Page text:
Kingsnakes are constrictors that sometimes eat other snakes. The desert kingsnake subspecies has the scientific name Lampropeltis getula splendida and lives in Arizona, Texas, and New Mexico in the U.S. and across the border into parts of Mexico. It has a brown or black body with yellow or white bars.
The Lampropeltis getula, or kingsnake genus of snakes, encompasses seven species, which vary in appearance. The snakes are constrictors, and the subspecies range across many states in the U.S. Due to their penchant for surviving snakebites and then eating the attacking snakes, the species have gained legendary status in some Native American mythologies. The kingsnake is immune to the venom of other snakes but is itself nonvenomous.
The desert kingsnake, or Lampropeltis getula splendida, has a black head and a dark body with yellow or white bars. Breeding occurs in April and May, and egg laying occurs in the following two months. A female kingsnake lays up to 12 eggs, which all stick together underground in soil with plenty of moisture. The eggs hatch in August and October. The adults can grow up to 5 feet (about 1.54 meters) in length.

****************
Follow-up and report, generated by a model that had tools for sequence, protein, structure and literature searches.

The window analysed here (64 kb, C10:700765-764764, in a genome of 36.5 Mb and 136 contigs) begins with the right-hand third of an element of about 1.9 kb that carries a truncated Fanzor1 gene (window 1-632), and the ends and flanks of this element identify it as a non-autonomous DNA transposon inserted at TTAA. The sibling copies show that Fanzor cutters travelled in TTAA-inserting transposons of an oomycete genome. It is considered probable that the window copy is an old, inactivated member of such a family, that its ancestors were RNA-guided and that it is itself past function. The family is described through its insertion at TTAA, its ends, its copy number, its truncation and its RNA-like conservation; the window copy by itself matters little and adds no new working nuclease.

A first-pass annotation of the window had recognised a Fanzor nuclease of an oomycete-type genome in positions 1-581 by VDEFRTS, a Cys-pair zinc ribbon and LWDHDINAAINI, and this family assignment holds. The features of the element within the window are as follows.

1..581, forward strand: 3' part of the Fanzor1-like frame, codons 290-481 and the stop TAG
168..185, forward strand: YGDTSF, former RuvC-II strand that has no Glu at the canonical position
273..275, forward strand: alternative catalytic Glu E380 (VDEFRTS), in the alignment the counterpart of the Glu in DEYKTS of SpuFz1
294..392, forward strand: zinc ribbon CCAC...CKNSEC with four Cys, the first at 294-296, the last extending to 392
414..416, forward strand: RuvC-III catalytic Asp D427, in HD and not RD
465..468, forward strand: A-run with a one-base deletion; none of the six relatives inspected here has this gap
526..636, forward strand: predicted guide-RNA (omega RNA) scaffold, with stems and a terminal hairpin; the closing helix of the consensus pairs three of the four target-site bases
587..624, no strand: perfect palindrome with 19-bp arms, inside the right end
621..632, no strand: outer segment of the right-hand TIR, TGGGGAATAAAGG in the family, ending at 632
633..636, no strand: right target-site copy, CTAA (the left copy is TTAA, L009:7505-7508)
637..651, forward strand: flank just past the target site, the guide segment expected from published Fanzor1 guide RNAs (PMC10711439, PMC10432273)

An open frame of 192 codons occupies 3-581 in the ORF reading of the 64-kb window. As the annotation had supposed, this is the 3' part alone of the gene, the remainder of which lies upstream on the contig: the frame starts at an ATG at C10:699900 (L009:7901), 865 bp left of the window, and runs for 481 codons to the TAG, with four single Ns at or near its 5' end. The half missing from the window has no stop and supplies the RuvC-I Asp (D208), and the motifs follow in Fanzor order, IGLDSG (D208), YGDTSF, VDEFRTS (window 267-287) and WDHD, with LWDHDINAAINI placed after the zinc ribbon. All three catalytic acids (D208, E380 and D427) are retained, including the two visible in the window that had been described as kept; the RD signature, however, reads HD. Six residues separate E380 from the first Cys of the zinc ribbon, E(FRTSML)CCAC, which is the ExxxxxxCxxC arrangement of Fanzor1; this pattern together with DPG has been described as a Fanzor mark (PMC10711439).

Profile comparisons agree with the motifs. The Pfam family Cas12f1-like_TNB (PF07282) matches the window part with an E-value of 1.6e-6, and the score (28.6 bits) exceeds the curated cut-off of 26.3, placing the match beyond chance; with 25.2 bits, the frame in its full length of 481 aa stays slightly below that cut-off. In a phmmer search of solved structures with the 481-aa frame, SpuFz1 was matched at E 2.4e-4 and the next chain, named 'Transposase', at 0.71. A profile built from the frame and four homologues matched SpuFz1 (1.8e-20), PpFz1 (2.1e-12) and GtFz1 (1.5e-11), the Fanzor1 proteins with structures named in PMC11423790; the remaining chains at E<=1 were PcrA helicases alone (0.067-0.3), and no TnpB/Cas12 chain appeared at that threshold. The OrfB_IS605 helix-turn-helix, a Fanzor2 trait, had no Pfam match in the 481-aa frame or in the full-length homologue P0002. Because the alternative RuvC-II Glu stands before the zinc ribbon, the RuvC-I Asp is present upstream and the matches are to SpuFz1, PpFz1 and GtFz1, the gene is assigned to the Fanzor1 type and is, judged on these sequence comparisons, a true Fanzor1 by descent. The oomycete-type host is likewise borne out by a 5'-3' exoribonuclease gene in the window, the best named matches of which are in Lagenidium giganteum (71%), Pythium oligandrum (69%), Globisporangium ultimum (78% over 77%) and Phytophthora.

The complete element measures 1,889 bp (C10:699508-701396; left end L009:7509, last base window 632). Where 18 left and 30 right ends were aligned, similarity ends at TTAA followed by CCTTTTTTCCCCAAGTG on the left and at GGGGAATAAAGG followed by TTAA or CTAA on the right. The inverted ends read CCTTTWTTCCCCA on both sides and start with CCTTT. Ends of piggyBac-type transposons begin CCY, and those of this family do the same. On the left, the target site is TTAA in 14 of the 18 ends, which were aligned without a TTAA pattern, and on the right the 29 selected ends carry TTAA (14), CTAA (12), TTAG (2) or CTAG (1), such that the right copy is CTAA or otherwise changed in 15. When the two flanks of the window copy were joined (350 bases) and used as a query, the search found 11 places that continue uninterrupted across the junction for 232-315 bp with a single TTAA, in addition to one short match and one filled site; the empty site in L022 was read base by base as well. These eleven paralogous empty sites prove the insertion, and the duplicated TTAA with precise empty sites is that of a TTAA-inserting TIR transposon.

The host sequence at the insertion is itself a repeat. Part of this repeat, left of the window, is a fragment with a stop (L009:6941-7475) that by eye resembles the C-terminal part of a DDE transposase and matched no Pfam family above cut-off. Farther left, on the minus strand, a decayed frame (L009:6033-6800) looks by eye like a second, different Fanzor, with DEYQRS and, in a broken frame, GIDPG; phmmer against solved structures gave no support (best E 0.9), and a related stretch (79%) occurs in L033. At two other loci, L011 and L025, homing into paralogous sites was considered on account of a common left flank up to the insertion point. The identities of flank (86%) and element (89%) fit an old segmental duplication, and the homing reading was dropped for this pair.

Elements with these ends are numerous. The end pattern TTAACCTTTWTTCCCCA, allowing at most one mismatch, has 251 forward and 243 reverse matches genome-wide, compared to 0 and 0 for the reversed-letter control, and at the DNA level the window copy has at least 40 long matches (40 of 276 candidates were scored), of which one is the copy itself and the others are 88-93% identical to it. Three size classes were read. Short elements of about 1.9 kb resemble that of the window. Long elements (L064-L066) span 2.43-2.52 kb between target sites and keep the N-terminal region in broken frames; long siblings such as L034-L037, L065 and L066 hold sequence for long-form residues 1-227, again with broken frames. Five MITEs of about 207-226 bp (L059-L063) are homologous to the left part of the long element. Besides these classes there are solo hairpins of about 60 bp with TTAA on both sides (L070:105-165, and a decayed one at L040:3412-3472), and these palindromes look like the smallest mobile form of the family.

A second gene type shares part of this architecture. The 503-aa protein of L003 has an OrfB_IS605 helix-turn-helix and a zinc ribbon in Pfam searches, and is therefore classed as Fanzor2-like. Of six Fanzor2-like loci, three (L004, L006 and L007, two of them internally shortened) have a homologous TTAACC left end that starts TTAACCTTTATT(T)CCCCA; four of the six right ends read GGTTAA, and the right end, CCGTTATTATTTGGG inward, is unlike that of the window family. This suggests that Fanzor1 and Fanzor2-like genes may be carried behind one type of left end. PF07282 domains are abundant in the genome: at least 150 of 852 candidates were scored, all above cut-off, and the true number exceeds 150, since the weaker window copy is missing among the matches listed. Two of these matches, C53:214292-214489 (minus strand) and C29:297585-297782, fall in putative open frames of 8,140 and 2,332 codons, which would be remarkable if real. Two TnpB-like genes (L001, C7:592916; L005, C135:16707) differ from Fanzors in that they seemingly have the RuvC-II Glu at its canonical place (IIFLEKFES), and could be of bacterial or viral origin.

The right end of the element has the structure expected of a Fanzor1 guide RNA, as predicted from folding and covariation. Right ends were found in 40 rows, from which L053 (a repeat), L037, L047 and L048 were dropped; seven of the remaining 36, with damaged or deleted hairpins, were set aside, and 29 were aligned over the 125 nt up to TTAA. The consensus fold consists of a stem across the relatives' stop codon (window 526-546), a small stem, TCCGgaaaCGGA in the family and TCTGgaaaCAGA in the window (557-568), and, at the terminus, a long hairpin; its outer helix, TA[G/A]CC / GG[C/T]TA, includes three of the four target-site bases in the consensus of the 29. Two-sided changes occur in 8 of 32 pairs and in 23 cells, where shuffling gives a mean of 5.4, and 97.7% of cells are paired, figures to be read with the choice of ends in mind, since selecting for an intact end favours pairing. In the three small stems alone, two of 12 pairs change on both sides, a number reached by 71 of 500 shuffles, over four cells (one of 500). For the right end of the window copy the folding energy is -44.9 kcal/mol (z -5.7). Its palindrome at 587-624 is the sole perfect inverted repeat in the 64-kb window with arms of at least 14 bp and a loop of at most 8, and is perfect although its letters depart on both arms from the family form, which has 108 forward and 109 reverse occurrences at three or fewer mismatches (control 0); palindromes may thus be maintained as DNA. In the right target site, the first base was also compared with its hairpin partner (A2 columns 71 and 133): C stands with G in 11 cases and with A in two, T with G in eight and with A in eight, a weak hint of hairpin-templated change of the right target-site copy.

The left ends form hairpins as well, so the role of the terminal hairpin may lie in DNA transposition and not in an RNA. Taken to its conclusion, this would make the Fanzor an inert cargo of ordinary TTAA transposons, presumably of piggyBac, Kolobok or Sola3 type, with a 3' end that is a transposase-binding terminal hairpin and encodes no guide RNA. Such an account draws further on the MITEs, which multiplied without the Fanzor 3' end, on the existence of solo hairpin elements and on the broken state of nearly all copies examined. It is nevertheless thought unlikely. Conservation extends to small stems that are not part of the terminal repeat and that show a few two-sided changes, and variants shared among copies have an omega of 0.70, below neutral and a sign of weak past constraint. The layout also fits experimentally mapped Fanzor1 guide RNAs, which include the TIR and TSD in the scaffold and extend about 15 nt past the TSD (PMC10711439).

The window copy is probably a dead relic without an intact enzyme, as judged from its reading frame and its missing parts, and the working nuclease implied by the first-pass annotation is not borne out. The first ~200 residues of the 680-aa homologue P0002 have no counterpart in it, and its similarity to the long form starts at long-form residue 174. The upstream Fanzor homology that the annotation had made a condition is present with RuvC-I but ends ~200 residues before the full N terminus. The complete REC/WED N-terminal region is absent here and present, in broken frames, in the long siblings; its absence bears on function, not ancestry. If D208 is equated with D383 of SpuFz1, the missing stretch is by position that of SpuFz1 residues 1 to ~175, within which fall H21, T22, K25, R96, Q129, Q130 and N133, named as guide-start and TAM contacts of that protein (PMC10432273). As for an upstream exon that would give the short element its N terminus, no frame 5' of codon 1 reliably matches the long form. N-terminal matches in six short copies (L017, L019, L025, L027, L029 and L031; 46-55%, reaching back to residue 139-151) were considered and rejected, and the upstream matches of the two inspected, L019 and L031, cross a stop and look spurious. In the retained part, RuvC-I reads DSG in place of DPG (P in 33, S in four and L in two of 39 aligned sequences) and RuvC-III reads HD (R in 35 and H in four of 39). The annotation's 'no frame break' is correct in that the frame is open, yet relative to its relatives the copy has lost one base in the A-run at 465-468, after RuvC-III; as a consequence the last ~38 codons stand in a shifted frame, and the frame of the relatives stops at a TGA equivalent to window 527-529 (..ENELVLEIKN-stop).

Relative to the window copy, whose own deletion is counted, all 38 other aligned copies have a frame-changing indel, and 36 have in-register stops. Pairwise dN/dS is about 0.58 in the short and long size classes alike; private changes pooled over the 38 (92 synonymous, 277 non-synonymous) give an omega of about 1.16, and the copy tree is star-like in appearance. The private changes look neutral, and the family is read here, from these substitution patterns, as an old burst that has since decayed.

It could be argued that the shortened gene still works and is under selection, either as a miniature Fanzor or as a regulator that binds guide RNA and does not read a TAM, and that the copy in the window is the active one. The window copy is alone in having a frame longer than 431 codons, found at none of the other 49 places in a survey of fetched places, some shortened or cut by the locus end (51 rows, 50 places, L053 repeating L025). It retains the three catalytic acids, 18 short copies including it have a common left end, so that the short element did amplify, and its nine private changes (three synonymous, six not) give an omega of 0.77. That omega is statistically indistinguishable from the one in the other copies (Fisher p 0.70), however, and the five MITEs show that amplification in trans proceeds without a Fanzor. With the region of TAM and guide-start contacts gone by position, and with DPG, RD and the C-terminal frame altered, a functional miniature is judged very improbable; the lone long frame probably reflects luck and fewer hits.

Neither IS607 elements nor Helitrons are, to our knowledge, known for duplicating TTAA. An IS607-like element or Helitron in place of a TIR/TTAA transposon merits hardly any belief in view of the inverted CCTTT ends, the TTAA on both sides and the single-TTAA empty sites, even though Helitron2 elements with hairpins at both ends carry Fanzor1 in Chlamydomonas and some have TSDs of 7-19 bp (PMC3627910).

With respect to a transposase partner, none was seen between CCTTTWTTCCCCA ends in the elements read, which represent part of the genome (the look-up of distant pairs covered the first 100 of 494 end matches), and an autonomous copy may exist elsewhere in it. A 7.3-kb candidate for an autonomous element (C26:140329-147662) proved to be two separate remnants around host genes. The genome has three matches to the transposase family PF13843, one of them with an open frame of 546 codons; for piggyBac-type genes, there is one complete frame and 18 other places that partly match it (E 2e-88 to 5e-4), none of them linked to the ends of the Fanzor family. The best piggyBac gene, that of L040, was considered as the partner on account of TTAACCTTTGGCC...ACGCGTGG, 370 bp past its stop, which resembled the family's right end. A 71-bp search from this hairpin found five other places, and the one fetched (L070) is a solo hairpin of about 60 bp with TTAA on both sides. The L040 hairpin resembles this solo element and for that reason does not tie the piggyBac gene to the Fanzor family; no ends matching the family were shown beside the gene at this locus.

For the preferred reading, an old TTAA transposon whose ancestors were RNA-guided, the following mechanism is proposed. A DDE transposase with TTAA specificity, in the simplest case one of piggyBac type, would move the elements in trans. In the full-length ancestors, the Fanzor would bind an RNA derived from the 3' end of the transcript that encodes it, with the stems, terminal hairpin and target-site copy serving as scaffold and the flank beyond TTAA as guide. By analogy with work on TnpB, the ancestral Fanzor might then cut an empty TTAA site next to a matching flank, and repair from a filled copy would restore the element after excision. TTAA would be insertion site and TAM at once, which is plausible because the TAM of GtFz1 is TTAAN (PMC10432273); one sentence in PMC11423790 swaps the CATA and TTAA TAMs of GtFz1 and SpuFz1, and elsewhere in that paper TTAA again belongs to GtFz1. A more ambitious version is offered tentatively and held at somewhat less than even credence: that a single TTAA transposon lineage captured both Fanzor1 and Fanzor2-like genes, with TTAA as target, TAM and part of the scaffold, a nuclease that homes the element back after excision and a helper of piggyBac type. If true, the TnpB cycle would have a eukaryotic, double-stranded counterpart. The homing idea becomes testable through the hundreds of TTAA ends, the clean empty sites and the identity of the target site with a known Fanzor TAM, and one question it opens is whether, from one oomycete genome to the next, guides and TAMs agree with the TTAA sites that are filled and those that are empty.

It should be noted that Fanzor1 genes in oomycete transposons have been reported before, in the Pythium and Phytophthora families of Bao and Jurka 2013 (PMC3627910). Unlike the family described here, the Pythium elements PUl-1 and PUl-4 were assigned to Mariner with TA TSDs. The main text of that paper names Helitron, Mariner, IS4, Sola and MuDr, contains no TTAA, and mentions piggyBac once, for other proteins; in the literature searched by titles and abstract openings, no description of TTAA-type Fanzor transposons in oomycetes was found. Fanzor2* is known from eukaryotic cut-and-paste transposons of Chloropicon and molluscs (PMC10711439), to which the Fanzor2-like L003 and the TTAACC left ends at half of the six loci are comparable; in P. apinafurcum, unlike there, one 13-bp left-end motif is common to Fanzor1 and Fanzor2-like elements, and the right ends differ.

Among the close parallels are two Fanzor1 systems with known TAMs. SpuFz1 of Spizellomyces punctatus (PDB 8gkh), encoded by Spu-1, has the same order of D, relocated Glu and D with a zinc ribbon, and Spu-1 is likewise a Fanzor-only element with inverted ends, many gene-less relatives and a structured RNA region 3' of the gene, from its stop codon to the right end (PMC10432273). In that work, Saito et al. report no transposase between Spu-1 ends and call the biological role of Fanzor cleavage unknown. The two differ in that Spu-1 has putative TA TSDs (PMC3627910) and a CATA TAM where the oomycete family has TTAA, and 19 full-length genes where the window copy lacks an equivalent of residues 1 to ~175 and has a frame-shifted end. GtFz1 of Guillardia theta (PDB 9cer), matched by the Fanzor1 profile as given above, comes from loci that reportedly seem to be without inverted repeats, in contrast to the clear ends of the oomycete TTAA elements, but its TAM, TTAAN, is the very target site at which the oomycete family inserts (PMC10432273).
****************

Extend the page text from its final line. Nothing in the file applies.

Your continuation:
Despite the desert part of its name, this type of kingsnake usually lives close to a water source. They generally move around in the afternoon and evening and spend a lot of time under the cover of dead vegetation or rocks. When disturbed, the desert kingsnake shakes its tail as a warning gesture. It can also fake death by turning over and laying still. When it finds itself trapped, it also produces an odorous substance and defecates.
Thought they can be kept as pets, kingsnakes may eat other snakes kept in the same cage, even those of the same species. The musk production and nervous defecation does not continue once the snake becomes accustomed to the surroundings. Captive snakes will eat rodents, birds, lizards, and frogs, and dead prey are less likely to inflict damage on the pet during the eating process.
If a recently fed desert kingsnake is handled too soon after eating, it may regurgitate out the food. Due to the snake's preference for a secretive hiding place, the enclosure should contain some suitable areas, such as artificial caves or even an upturned terracotta pot. Desert kingsnakes are not regarded as under threat, and the populations of these snakes also help control the levels of venomous snakes in areas where humans may be at risk of snakebite.